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Short Breaks 2

Deputy Minister committed to ensuring unpaid carers get support and recognition they deserve

Ymrwymiad y Dirprwy Weinidog i sicrhau bod gofalwyr di-dâl yn cael cydnabyddiaeth a chymorth teilwng

The Deputy Minister for Social Services, Julie Morgan, has marked Carers Rights Day today (November 23rd) by praising the important role of unpaid carers in communities across Wales and highlighting the support available to them. 

Deputy Minister, Julie Morgan said:  

On this day, every year, we mark Carers Rights Day and our commitment to ensure unpaid carers receive the recognition and support they deserve. 

Unpaid carers play a vital role in caring for family members, neighbours, and others in our communities who need additional care and support. 

They are dedicated to supporting those they love and care for – ensuring they, in turn, are able to access the support they need, at the right time, helps to support their wellbeing and balances the daily demands of their lives. 

There are more than 370,000 unpaid carers in Wales, who provide help and care for a relative or a friend with an illness, disability or who need additional help as they grow older.  

Unpaid carers are often balancing their caring role with education, training, or employment. Or they may be retired and could have disabilities or health conditions of their own. 

A key priority of the Welsh government is to improve support for unpaid carers of all ages and ensure they have more opportunities to meet their own needs.  

The ‘Short Breaks Scheme’ enables unpaid carers in Wales to enjoy periods away from their caring role – to help boost their mental and physical wellbeing. 

Since 2022, £6m has been invested into the scheme by the Welsh Government, which will enable an additional 30,000 carers to take a break to relax, socialise, or do activities that they have an interest in.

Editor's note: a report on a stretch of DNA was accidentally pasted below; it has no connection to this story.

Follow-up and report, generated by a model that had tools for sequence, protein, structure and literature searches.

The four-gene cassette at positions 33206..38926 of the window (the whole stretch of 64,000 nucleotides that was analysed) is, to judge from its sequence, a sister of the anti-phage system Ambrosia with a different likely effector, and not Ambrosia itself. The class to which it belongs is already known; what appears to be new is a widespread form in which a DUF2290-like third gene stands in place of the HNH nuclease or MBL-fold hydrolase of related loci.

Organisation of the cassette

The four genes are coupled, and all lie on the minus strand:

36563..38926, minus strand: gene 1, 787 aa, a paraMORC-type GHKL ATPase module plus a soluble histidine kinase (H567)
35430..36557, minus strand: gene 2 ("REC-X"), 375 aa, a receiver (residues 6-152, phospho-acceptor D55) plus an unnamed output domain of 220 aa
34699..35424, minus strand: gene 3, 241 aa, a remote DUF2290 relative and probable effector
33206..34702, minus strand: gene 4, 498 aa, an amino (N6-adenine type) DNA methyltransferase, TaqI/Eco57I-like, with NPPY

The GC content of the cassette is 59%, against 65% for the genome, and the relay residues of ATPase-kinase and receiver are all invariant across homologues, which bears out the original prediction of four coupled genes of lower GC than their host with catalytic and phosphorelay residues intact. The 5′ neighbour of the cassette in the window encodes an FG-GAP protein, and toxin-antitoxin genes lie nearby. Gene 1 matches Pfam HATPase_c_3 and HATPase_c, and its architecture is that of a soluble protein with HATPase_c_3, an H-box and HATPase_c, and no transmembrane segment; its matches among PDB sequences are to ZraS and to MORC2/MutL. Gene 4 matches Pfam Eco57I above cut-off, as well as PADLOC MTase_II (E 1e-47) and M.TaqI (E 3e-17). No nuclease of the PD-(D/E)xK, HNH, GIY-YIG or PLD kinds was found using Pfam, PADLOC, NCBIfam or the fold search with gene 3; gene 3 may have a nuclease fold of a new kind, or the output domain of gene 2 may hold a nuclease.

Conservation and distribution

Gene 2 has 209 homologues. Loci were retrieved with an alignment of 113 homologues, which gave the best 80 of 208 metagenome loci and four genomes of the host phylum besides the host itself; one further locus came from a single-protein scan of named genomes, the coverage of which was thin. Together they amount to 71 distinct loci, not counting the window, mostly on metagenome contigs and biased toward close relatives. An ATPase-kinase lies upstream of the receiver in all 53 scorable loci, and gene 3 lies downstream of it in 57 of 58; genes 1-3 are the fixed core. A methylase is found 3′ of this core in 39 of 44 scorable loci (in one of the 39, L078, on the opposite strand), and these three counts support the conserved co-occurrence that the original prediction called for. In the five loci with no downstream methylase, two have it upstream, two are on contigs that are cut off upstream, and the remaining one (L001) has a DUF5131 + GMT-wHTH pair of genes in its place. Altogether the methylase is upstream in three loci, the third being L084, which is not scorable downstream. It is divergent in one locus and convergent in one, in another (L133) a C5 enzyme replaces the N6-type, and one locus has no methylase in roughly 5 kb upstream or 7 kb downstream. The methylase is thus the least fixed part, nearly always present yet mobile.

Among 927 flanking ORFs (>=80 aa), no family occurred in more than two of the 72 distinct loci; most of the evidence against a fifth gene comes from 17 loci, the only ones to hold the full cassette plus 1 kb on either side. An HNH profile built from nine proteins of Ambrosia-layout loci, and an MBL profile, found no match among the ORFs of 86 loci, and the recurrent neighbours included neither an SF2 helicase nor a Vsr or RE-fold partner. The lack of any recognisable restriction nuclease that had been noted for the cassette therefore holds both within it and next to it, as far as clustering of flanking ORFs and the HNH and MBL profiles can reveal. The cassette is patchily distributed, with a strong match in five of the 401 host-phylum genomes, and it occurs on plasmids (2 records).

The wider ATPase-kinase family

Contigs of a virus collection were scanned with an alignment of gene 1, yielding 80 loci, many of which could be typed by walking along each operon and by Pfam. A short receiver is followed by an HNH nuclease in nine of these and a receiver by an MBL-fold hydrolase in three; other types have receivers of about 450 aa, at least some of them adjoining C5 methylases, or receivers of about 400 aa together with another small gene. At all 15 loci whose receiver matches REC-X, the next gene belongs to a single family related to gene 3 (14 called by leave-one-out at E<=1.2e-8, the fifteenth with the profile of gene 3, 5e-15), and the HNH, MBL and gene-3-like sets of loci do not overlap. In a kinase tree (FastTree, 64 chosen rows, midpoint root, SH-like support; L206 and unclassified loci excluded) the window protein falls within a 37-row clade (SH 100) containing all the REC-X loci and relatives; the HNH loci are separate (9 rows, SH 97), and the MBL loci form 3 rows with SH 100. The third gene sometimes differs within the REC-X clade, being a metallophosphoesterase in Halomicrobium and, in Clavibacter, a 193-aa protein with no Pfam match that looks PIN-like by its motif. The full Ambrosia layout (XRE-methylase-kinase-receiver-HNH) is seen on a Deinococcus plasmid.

The Deputy Minister met with unpaid carers at Carers Trust Wales and heard about their personal experience of the Short Breaks Scheme. 

An unpaid carer who accessed a short break through a group activity said: 

“After our day trip, I felt less isolated, and I also felt that I belonged to a group of fellow carers who understood the pressures of caring. 

This has helped me to understand and appreciate the pressure of caring and that help is there if needed to enable me to continue my caring role in the future.  

Sometimes you just need a break to be able to see the way ahead. We have even set up a group chat to keep in contact and support each other in the days to come.” 

Liz Wallis, Programme Lead for Short Breaks Wales said:

 “The National Short Breaks Scheme has already been a lifeline for thousands of unpaid carers across Wales. Thanks to Welsh Government funding, Carers Trust has been able to work at pace with third sector organisations in all areas of Wales to create more person-centred opportunities for carers to take a break from their daily caring role.

“We are delighted that Welsh Government has invested in this transformational scheme which is an essential first step towards ensuring unpaid carers can get the rest, relaxation and fulfilment they need and deserve.

“The value of the short breaks programme is immeasurable not only because of the positive impact a short break has on unpaid carers’ health, wellbeing and ability to sustain their caring role but also the important message it conveys that unpaid carers in Wales are recognised, valued and a priority for support.

“Carers Trust is committed to working with Welsh Government and other partners to put ambitious plans in place to enable even more carers to access meaningful and fulfilling breaks.”

The Carers Support Fund for 2022-2024, has also enabled 24,000 unpaid carers on low incomes to buy basic essential items or access information and advice to manage their caring role. 

Notes to editors